[PlanetCCRMA] Why not debian-based?

Fernando Pablo Lopez-Lezcano nando@ccrma.Stanford.EDU
Sat Jan 31 18:59:02 2004

> Out of curiosity, why is PlanetCCRMA RedHat-based and not Debian-based?
> Not only is Debian's license more compatible with the academic 
> environment, but the PlanetCCRMA distro tries to make itself act like 
> Debian (with apt), anyway.
> This isn't a troll; I'm really just curious. :-)

There are several reasons, I guess mostly historical at this point.
Please keep in mind that Planet CCRMA as a project was not "designed"
(ie: I did not say at some point "let's get a project started and let's
base it on RedHat"). 

What you see now as "Planet CCRMA" is just the result of initially
making available to the world the custom-built packages that I was using
to mantain a linux based, music and audio-friendly environment at CCRMA.
Through mostly user feedback the project has recently grown out of
control, and now I can truly say: "I have created a monster" :-)

The Linux environment at CCRMA has been RedHat based for quite a while
(I think the first version I installed was RedHat version 4 or something
like that back in '97). At that time one of the appeals of RedHat was
RPM (the package manager) and an easy to use installer (I was previously
using Slackware, first linux install was done some time in '96). At
several points in time (even before what I was doing internally at CCRMA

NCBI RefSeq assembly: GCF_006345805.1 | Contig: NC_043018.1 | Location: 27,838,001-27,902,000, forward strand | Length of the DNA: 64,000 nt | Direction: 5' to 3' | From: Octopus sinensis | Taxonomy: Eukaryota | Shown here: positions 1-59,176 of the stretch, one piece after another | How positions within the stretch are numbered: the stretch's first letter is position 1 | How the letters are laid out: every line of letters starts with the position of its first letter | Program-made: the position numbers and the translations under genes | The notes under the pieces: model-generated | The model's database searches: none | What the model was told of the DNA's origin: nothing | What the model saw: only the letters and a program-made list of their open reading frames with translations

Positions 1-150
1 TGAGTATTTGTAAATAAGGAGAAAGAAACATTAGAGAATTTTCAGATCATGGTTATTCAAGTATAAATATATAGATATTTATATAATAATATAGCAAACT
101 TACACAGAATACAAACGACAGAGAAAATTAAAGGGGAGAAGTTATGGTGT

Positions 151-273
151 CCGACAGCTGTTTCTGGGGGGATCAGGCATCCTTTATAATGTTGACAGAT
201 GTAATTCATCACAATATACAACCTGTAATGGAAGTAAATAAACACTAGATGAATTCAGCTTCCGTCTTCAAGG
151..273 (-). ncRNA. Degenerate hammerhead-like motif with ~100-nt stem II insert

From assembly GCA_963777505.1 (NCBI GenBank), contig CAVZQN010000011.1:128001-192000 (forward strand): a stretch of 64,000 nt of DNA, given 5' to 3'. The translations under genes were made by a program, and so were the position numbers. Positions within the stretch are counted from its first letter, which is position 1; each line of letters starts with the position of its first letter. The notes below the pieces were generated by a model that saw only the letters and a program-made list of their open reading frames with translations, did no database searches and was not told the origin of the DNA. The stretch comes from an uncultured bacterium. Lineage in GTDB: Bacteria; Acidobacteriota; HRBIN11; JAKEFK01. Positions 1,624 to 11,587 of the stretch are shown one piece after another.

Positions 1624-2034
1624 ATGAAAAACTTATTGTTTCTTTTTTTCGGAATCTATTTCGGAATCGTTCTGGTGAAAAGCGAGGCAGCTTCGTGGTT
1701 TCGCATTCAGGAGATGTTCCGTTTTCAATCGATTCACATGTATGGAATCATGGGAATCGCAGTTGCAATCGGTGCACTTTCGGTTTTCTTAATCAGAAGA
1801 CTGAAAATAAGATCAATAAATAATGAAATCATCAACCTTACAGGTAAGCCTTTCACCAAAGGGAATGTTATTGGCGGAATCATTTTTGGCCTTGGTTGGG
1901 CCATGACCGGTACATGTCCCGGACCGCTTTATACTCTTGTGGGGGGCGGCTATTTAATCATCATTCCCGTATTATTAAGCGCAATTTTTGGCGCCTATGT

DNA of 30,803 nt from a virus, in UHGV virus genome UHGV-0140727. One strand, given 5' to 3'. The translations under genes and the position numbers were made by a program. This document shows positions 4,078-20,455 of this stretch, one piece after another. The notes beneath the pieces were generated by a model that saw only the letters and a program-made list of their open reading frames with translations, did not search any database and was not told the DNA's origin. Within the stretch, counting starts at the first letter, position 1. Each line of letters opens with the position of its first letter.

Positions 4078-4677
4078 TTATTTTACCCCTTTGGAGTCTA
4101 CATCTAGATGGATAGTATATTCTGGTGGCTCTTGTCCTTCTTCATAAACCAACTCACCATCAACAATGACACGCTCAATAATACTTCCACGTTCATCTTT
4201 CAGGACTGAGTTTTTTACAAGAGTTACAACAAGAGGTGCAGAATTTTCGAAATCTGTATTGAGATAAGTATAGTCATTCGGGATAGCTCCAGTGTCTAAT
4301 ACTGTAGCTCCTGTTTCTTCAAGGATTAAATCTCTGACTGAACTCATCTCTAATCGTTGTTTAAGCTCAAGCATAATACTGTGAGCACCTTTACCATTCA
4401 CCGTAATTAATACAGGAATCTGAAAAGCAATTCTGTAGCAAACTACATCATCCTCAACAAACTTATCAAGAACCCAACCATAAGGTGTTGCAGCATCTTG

became available as "Planet CCRMA") I considered switching to a
different distro, and I indeed considered Debian (and others), but
Debian was not (at that time) as easy to install as RedHat and the
stable release was _too_ stable (for my taste). Anyway, the choice was
made a long time ago and each time I have again considered switching
there were not enough incentives to do so(*). 

Regarding apt, Planet CCRMA originally did not use it, and, as you may
guess, it was not very usable without it :-) Apt made a huge difference
in making it easy to install and update for non-CCRMA users, but the
choice of apt was not "to make the distro act more like Debian". I could
have used another program other than apt, but at that time, apt was, I
think, the best choice (for example, there was also a free
implementation of the up2date server that I considered but it was too
young in its development cycle and apt for rpm seemed like a better and
potentially more stable choice that leveraged on Debian's experience
with it). If I started from scratch today I could use yum, for example
(and I will, when I have a slice of that mythical thing called "free

Anyway, sorry for the long post, hope it clarifies _some_ of the

This is not to say that CCRMA and (as a side effect) Planet CCRMA will
stay forever with RedHat / Fedora Core. Who knows what the future will

-- Fernando

(*) there has to be a considerable advantage, I mantain a customized
environment of 40+ machines so switching involves learning all the
quirks of a new distro, plus customizing it so that it behaves in pretty
much the same way as before and creates the same environment. Not
impossible, of course, but a lot of work. Even a version transition
within the same distro involves a lot of work!

And it is harder now because it is not just CCRMA anymore...

(**) for example Progeny is porting the anaconda installer to Debian!
So, Debian could, at some point, be as easy to install as RedHat/Fedora.